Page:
By Christiaan Feehan, Event Manager, Dublin Castle
I remember when I moved to Dublin in 2006 I would go running in the Phoenix Park and think to myself how strange that they had randomly erected a cross in its centre. It was only a few years later I found out about Pope John Paul II’s historic mass there on the 29th of September 1979, which was attended by one in three Irish people, making it the largest gathering of Irish people in history. As we prepare for an undertaking of a similar scale on the 25th of August (and the largest gathering of Irish people in my lifetime), it feels like an appropriate time to reflect on the scale of that event in 1979 and how this compares to the upcoming visit.
Pope John Paull II arrived for his three-day visit to Ireland on a specially chartered Aer Lingus 747 (the first time a pope had flown on a carrier other than Alitalia). The flight performed a flyby of the park on its approach to Dublin Airport to allow the Pope to get an aerial view of the site and the gathering masses. After landing, he travelled by helicopter to the site of the mass.
The Pope disembarks St. Patrick, the first time the pontiff flew a carrier other than Alitalia
During the mass the Pope drove through the crowd in a specially constructed Popemobile. The 6.3km route took 47 minutes to complete and allowed many in the congregation to get a much-coveted closer look at the Pope.
The Popemobile moves through the crowd
The design of the open-air ‘church’ for the visit of Pope John Paul II to Dublin fell to Ronnie Tallon of Scott Tallon Walker Architects. The commission required the design and construction of facilities for more than 1 million people on a 73-hectare site in the Phoenix Park within 10 weeks. It is worth pointing out that this was a site that had no existing facilities – power, water, telecommunication lines all had to be installed within this short time. Early on in the planning process, Tallon and his team walked the perimeter of the site. They were acutely aware that many of those in attendance would see the Pope as no larger than a small figure in the distance and so they decided something was required – a focal point – clearly visible for the entire congregation. They decided to erect a high cross constructed with steel beams to serve this purpose. The height of the cross had one unavoidable limitation, however, namely the reach limit of the largest mobile crane available in Ireland at the time: 35 meters.
The stage with papal cross and Patrick Scott banners
The backdrop of the stage was formed by sixty 10 meter by 2 meter banners designed by Irish artist Patrick Scott. The cloth for the banners was made on large mills in Manchester, while the sewing was done in various convents around Dublin. The altar was 6 meters long and sat atop a grass mound with steps to all side (the mound, minus the steps, is still there today). The carpet for the stage was made by Des ‘The Carpet Man’ Kelly (a name familiar to many Dubliners to this day). Underneath the mound is buried a reinforced concrete box which served to support the altar and cross but also as a rest and robing room for the Pope. The idea of the buried box (with its obvious connotations) was one of the more intriguing facts I discovered during the preparations for the 2018 visit.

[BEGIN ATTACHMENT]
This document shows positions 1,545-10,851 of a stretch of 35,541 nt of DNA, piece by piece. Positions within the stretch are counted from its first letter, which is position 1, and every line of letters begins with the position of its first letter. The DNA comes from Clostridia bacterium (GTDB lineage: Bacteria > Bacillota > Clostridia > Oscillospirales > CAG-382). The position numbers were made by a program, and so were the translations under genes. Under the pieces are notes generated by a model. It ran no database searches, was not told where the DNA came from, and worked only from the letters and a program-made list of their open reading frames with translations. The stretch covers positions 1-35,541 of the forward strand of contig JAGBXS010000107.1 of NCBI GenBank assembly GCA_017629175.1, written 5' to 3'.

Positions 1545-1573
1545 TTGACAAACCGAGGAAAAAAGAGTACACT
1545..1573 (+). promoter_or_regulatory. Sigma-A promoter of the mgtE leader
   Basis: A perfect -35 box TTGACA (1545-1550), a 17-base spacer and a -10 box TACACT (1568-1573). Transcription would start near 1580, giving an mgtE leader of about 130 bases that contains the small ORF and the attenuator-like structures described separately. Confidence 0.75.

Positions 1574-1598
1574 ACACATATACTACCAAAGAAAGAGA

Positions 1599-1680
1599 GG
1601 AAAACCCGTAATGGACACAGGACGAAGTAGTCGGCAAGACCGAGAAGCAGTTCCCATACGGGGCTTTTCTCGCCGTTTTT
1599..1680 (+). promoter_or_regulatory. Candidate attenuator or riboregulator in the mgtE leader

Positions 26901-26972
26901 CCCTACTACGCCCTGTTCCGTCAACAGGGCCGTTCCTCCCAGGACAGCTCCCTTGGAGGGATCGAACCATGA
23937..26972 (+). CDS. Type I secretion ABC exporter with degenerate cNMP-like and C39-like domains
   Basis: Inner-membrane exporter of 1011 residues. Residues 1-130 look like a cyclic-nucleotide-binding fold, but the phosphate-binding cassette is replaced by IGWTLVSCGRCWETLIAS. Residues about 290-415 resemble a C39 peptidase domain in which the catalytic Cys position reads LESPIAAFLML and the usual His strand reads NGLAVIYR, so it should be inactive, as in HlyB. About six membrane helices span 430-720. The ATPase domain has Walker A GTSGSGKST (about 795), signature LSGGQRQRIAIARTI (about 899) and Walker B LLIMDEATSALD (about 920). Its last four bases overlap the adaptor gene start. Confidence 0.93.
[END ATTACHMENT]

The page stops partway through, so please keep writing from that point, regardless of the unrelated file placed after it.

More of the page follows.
While the mass this time around in the Phoenix Park will not reach the astounding numbers of 1979, the scale of the undertaking is even greater in the age of strict health and safety guidelines and welfare requirements. The Pope will also visit Dublin Castle during this trip, where he will meet with authorities, members of civil society and the diplomatic corps. On his way to meeting them, he will traverse a courtyard that bore witness to the celebrations marking the passage of the same sex marriage referendum in 2015 and the recent repeal of the Eight Amendment of the Constitution (paving the way for abortion in Ireland) and he will be welcomed by our first gay Taoiseach. This passage, I think, will encapsulate in many ways the new Ireland this pontiff is visiting. However, having learned more about the scale of the events of 1979 and that mass in the park, the next time I am at the cross I intend to scale the steps and rest my hand on those steel beams; not because I’m religious, but because an indelible moment in Irish history occurred there on the 29th of September 1979 and will again on the 25th of August 2018.